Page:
Feasibility and toxicity of transrectal ultrasound hyperthermia in the treatment of locally advanced adenocarcinoma of the prostate

Helen Fosmire, Kullervo Hynynen, George W. Drach, Baldassarre Stea, Patrick Swift, J. Robert Cassady

Research output: Contribution to journalArticlepeer-review

43 Scopus citations


Purpose: This Phase I trial tests the ability of a new hyperthermia device, the transrectal ultrasound probe, to heat the prostate gland, and evaluates the toxicity of transrectal ultrasound hyperthermia (TRUSH) given with concurrent standard external beam irradiation in the treatment of locally-advanced adenocarcinoma of the prostate. Methods and Materials: Between June, 1990 and August, 1991, 14 patients with American Urological Society Stage C2 or D1 adenocarcinoma of the prostate were treated with TRUSH concurrently with standard external beam radiotherapy to the prostate. Twenty-two heat treatments were delivered in 14 patients; 8 patients received two TRUSH procedures, each separated by 1 week. Patient age ranged between 53-86 (mean: 72) years. Three patients had well-, 6 patients had moderately-, and 5 patients had poorly-differentiated adenocarcinoma of the prostate. Karnofsky status ranged from 70-90. Standard radiotherapy to the prostate and periprostatic tissues was delivered using a four-field approach with 1.8-2 Gy daily fractions delivered 5 X/week to a total dose of 67-70 Gy calculated to the minimum tumor volume. TRUSH was delivered after transperineal placement of multipoint thermometry probes by a urologist, under transrectal ultrasound guidance. Two to three thermocouple probes containing seven sensors each were placed in the prostate in an attempt to sample temperatures throughout the gland. The sensor depth from the rectal wall ranged from 5-25 mm. Results: Thirty-six percent of all sensors were heated above 42.5°C averaged over 30 min; and all patients had at least some sensors within the prostate heated to temperatures ≥ 42.5°C. The average temperature of all sensors of all sensors (Tave ± s.d.) over all treatments, however, was only 41.9°C ± 0.9°C over 30 min. The maximum temperature for normal tissues outside the gland was 41.1°C ± 1.3°C. Treatments have been well-tolerated with few complications. Tolerance has been "good" in 17 22, "fair" in 3 22, and "treatment limiting" in sol2 22 treatments secondary to position intolerance and/or pain. There has been one episode of hypotension related to narcotic administration and three episodes of rapidly resolving pain during hyperthermia treatment. Mild hematuria has occurred in 5 22, and moderate hematuria has occurred in 2/22 transperineal thermometer catheter placements. Conclusion: In conclusion, TRUSH is well-tolerated and has great potential for consistently heating the prostate gland. We anticipate that further equipment modifications will improve our ability to heat the entire prostate to temperatures > 42.5°C.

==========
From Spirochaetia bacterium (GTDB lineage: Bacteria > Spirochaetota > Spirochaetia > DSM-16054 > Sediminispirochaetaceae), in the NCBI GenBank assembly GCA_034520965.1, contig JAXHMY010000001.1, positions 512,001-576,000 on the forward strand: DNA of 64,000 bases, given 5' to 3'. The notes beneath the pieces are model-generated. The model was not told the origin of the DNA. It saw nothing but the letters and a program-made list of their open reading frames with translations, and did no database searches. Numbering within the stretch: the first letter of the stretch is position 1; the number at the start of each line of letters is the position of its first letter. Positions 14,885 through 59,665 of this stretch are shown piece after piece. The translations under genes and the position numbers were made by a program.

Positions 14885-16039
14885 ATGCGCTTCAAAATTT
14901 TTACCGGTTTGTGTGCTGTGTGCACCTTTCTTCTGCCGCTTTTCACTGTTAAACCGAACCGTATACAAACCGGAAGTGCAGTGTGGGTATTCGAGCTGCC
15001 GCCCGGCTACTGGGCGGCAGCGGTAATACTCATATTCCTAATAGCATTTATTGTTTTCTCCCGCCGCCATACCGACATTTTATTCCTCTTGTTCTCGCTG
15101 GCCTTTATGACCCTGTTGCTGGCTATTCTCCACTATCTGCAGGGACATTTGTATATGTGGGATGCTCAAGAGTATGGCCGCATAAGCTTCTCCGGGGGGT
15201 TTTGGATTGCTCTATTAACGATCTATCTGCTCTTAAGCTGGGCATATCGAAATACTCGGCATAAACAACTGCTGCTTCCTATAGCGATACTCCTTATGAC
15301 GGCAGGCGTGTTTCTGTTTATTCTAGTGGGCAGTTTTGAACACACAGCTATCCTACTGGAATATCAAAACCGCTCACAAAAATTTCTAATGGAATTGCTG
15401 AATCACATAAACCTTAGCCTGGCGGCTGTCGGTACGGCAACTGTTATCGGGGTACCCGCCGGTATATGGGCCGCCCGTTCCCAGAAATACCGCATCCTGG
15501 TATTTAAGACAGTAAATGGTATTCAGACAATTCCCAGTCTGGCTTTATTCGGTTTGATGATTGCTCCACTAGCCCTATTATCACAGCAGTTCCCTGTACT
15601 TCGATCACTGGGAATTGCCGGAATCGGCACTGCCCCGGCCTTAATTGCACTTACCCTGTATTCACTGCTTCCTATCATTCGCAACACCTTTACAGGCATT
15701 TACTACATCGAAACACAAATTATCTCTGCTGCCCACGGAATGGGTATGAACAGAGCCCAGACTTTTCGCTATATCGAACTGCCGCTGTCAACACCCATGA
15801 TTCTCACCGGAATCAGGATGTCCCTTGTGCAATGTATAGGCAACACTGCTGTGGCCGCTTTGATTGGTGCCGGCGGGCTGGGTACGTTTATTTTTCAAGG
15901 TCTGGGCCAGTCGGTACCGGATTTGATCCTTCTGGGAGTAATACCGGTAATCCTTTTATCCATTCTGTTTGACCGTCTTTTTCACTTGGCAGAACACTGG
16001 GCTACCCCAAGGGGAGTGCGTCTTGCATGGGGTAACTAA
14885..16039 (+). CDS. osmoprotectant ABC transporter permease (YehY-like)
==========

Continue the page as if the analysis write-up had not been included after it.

Original languageEnglish (US)
Pages (from-to)253-259
Number of pages7
JournalInternational Journal of Radiation Oncology, Biology, Physics
Issue number2
StatePublished - May 20 1993


  • Adenocarcinoma of the prostate
  • Hyperthermia
  • Transrectal ultrasound hyperthermia

ASJC Scopus subject areas

  • Radiation
  • Oncology
  • Radiology Nuclear Medicine and imaging
  • Cancer Research


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